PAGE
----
“Let’s be clear,” Denham continued, “while some have hailed this event as a watershed moment for international cooperation between law enforcement agencies, the international illicit drug trade will continue to expand and adapt.”
A momentary dent
As an ex-police officer, Denham is not alone in calling for a move away from the heavy-handed law enforcement approach to illegal drugs, as there’s a growing list of former police who assert that they became aware that drug busts weren’t affecting the illicit market whilst they were on the job.
Former AFP commissioner Mick Palmer is another prominent drug law reformist. He explained back in 2018 that “regardless of how effective police were” in terms of drug busts and arrests, “the reality was we made no difference”.
The NSW Crime Commission Annual Report 2015-16 outlines that while “commendable law enforcement efforts around the country have resulted in larger seizures and more arrests,” these busts “have had little, if any, effect on the quantities of prohibited drugs available”.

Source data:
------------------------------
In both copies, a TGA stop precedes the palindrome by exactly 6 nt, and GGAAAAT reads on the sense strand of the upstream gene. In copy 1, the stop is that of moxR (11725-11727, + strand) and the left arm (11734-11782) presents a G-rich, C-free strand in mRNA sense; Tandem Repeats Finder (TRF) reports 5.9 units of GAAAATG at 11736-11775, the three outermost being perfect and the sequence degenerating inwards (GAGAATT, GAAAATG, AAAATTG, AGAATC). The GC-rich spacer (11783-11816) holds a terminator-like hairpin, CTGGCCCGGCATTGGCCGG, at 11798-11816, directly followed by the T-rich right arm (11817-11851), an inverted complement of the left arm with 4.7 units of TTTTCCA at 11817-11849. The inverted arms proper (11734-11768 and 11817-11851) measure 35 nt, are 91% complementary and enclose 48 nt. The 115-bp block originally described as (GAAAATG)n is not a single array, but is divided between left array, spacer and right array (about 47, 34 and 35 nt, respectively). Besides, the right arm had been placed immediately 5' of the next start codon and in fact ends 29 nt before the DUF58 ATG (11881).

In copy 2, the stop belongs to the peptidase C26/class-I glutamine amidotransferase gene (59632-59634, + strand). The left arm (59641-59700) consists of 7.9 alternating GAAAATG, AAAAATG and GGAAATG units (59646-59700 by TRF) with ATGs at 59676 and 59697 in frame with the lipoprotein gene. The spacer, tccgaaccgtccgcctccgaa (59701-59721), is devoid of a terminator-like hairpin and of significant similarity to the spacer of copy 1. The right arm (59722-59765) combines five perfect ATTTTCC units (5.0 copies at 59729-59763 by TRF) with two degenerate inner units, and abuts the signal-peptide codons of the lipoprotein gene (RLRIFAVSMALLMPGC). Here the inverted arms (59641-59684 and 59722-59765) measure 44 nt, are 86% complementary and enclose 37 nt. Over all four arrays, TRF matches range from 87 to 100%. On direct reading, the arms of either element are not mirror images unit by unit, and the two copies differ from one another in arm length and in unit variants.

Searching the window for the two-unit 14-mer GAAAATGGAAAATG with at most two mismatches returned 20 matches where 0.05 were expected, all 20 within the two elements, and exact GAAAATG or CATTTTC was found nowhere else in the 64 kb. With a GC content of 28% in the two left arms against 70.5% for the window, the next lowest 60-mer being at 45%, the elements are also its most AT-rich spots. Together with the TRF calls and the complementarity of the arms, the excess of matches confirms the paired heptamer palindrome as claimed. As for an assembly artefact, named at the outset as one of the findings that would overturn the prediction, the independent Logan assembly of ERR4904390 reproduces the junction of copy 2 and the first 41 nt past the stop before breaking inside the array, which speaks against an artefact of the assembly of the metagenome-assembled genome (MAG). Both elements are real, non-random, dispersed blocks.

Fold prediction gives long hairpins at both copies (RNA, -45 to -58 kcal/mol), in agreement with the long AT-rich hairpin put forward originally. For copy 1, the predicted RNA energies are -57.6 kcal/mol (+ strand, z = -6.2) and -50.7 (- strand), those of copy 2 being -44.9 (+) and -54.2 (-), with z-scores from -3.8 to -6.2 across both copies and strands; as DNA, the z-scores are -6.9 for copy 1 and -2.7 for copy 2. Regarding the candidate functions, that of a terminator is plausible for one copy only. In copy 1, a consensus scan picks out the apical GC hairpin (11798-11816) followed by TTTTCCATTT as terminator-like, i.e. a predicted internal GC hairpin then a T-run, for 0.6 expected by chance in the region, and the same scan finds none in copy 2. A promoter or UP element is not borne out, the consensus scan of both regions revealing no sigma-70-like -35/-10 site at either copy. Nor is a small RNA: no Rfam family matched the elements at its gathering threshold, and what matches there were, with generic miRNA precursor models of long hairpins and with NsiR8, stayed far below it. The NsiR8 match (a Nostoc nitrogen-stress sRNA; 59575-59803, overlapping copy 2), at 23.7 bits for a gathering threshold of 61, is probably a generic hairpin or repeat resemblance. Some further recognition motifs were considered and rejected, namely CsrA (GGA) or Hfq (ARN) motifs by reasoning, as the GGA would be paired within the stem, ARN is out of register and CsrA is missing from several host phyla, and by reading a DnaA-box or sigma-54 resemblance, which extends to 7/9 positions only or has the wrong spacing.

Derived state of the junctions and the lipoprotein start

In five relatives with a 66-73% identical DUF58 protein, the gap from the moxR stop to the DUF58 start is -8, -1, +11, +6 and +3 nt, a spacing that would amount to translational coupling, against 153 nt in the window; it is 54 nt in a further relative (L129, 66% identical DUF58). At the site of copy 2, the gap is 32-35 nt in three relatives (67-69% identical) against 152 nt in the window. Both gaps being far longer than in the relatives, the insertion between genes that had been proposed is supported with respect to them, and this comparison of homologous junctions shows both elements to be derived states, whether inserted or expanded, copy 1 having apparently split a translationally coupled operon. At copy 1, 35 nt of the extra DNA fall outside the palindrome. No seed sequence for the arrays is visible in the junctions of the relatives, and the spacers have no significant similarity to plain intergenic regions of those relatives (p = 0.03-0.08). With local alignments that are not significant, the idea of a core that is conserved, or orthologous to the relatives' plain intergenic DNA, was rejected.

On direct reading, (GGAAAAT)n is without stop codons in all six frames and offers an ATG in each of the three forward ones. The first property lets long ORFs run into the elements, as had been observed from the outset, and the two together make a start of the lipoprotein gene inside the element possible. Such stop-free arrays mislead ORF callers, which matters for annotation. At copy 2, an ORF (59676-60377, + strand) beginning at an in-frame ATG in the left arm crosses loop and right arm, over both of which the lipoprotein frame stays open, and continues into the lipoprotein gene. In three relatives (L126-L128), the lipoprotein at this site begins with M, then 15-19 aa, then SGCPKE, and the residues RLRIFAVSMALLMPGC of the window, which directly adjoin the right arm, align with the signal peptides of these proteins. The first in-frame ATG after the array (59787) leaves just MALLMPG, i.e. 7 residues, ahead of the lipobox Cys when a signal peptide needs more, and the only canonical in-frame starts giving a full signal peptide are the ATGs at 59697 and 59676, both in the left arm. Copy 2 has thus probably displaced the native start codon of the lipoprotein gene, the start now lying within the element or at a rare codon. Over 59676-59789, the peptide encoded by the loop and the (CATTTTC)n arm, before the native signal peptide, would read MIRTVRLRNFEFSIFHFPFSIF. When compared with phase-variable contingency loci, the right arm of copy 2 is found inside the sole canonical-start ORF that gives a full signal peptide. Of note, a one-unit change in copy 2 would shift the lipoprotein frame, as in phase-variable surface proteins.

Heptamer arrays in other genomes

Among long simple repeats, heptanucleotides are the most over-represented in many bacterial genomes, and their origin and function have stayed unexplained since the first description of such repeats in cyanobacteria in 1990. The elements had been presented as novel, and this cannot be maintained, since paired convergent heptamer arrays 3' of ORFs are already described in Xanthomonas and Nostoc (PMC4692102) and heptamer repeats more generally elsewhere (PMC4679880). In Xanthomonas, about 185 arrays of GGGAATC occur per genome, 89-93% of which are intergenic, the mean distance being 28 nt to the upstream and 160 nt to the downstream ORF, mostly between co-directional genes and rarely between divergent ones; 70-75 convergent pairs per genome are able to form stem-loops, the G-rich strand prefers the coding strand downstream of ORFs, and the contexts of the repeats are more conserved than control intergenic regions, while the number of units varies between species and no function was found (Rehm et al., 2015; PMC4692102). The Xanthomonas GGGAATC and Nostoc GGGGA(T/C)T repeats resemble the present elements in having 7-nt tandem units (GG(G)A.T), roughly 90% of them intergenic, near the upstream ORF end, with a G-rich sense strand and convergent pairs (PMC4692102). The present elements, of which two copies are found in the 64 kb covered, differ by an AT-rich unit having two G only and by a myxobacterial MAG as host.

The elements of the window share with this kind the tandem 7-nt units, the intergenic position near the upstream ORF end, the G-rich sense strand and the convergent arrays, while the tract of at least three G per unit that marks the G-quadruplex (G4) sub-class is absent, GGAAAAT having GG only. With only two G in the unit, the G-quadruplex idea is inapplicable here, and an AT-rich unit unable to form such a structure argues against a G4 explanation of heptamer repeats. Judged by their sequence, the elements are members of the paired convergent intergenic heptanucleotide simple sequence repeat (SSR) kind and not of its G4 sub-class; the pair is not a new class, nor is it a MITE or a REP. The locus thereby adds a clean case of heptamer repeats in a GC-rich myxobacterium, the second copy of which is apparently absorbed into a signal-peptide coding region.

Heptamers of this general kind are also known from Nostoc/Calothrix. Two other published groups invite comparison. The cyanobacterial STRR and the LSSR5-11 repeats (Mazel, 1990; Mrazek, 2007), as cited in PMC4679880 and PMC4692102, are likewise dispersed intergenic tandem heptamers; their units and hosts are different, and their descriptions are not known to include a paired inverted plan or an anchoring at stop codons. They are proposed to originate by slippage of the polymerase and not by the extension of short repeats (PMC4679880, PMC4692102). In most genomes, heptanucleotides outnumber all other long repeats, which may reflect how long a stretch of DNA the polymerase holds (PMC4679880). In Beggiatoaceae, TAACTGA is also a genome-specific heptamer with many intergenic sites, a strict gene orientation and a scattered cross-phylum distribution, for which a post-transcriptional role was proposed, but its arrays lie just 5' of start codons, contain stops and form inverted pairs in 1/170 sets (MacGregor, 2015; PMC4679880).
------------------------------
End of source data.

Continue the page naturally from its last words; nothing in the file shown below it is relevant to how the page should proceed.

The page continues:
According to Denham, the effect of Ironside will be that on the street there will be a hike in the price of drugs and a decrease in purity, which will mean that those with drug dependency will buy more, and this in turn will result in an increase in demand.
“Police and politicians will continue to justify the massive investment in law enforcement despite little impact on drug availability,” Denham made clear. “Arrests, seized drugs and asset confiscation should not be seen as measurements of effectiveness in reducing drug harms.”
Despite Ironside being transnational in its scope and involving the interception of large quantities of illicit substances in transit, Denham questions the actual criminals caught during the operation.
“There were no ‘Mr Bigs’ arrested in the recent raids,” he said, “only low-level minions.”
The hundreds of arrests around the nation have involved local suburban drug distributors, who, whilst dealing in large quantities of drugs and money, weren’t running operations.
The FBI’s Trojan Shield hitlist contained seventeen leading underworld figures, including seven Australian citizens, most of whom are living overseas, and haven’t been arrested.